When will Harry Bosch be old enough to fully retire? It mentions in this book that he’s almost 70! That means he’s been chasing killers for over 40 years. That would be way more than enough for me to want something more out of life. But then who could we count on to fight for all those lost souls…the one’s that matter because they all matter.
Even though Harry is retired from policing it doesn’t stop him from teaming up with one of his old partners (Renee Ballard) to hunt down killers. And Bosch’s brother from a different mother (Mickey Haller) gets a bit of ink in this book, now that the two of them have found some common ground to get along.
I enjoyed The Night Fire but the Ballard character just doesn’t do it for me. As usual, Bosch is the anchor that holds Connelly’s ship fast.
Hopefully the author can get a few more stories out of our favorite cop character before he gets stuck in the mud at the bottom of the ocean.

The Footprints of God – Greg Iles

The Footprints of God
by Greg Iles (Goodreads Author)
Edmond Gagnon‘s review Jan 20, 2022 


They say not to judge a book by it’s cover (and page count) but that’s exactly what I did with this novel, leaving it to linger on my ‘to read’ shelf at home for quite a while.
Now I’m glad I’ve read it and happily rate it five stars.
The intro had a bit puzzled as to plot and content but once I started flipping pages I was hooked. Greg Iles deserves kudos for keeping me interested for the whole 546 pages – the quick pace of the story never lagged throughout.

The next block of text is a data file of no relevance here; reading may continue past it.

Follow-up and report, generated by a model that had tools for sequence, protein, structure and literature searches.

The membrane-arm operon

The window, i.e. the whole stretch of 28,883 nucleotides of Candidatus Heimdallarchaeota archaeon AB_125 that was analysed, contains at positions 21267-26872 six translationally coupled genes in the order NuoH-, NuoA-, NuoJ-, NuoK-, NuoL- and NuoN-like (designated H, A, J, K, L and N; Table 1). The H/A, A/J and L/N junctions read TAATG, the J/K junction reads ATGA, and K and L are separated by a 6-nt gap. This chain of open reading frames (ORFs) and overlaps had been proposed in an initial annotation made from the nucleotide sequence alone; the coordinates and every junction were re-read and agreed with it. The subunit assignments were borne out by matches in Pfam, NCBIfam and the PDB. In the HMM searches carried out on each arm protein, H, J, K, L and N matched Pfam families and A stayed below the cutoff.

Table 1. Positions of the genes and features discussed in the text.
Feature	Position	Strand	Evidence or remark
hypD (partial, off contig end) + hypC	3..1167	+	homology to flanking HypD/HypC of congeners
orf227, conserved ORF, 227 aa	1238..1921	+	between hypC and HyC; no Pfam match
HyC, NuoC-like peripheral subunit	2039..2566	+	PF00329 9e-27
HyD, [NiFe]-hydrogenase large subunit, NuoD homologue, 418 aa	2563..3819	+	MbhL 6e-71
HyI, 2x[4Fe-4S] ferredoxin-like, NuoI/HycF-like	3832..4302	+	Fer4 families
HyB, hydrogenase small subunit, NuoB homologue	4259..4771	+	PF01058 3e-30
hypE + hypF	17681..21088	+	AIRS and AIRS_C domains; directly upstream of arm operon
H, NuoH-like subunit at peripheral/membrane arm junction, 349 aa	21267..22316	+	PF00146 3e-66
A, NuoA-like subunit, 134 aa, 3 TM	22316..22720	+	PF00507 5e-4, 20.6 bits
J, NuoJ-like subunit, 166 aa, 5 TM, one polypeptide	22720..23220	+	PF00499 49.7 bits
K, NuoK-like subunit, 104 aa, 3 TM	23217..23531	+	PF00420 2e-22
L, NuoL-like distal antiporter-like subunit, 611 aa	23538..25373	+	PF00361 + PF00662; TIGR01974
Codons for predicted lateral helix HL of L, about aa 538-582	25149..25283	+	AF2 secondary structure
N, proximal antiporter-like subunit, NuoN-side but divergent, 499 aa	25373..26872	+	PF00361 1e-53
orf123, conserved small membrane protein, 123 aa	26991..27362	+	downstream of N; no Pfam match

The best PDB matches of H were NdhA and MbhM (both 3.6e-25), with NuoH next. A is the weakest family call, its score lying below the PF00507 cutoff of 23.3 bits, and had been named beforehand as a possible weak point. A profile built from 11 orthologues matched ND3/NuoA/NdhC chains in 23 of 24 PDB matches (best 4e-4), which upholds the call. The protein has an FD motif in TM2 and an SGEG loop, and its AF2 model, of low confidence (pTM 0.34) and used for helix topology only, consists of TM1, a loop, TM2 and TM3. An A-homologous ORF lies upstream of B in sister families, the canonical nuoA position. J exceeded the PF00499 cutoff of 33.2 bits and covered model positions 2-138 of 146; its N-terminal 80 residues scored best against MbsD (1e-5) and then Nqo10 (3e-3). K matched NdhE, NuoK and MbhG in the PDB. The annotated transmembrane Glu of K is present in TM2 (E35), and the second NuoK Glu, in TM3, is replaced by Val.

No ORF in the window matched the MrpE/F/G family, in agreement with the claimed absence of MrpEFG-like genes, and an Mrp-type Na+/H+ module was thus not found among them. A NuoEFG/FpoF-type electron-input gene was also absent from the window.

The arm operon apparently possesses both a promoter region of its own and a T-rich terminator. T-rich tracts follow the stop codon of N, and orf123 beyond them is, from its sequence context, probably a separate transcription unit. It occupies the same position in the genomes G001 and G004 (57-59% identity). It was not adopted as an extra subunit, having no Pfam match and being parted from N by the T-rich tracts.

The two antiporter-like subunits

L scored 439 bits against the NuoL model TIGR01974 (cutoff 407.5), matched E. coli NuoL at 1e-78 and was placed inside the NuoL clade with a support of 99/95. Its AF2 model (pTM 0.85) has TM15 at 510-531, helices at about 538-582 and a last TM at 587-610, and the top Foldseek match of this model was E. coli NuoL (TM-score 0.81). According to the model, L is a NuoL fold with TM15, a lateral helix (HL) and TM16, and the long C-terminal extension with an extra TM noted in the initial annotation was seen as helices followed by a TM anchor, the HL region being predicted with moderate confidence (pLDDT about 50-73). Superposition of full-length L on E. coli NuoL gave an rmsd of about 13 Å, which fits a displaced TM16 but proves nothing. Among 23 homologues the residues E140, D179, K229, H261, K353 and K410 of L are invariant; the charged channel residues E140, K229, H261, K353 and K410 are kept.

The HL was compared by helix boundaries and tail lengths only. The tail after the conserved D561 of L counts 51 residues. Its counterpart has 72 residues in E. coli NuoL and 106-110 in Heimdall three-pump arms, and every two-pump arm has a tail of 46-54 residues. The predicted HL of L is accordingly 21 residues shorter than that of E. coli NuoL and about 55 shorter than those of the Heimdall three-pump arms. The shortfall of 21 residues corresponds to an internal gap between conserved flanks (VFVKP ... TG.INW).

The story gets a bit complicated and deep at certain points but it was thought-provoking for me and I enjoyed the challenge.
Even the title was weird, I thought, but The Footprints of God is a good read that I highly recommend.

The Associate – John Grisham

The Associate
by John Grisham (Goodreads Author)
Edmond Gagnon‘s review Jan 14, 2022 


I could find no reason to give this book any less than five stars. Considering the page count, it was a quick and easy read. The plot was a bit intricate but it moved well and held my interest throughout.
The story was like an action thriller, without all kinds of killing and mayhem. Instead, the author relied on suspense and intrigue to keep the pace lively and exciting.
A legal story that lacks Grisham’s riveting courtroom drama, it gives readers a whole new take on what it’s like for a hungry young wannabe lawyer.
My only minor disappointment was how the story ended so abruptly…I was waiting for a unique twist or turn of fait, but it just ended. Still, it was a great read.

The Rooster Bar – John Grisham

The Rooster Bar
by John Grisham (Goodreads Author)
Edmond Gagnon‘s reviewDec 22, 2021  ·  edit
liked it
Although I don’t think this book is one of Grisham’s best, it was still a good read. It wasn’t the type of courtroom drama we are used to with this author; the plot addresses the American legal system from a whole new angle-a story about three law students trying to work their way through law school, while accumulating massive student debt.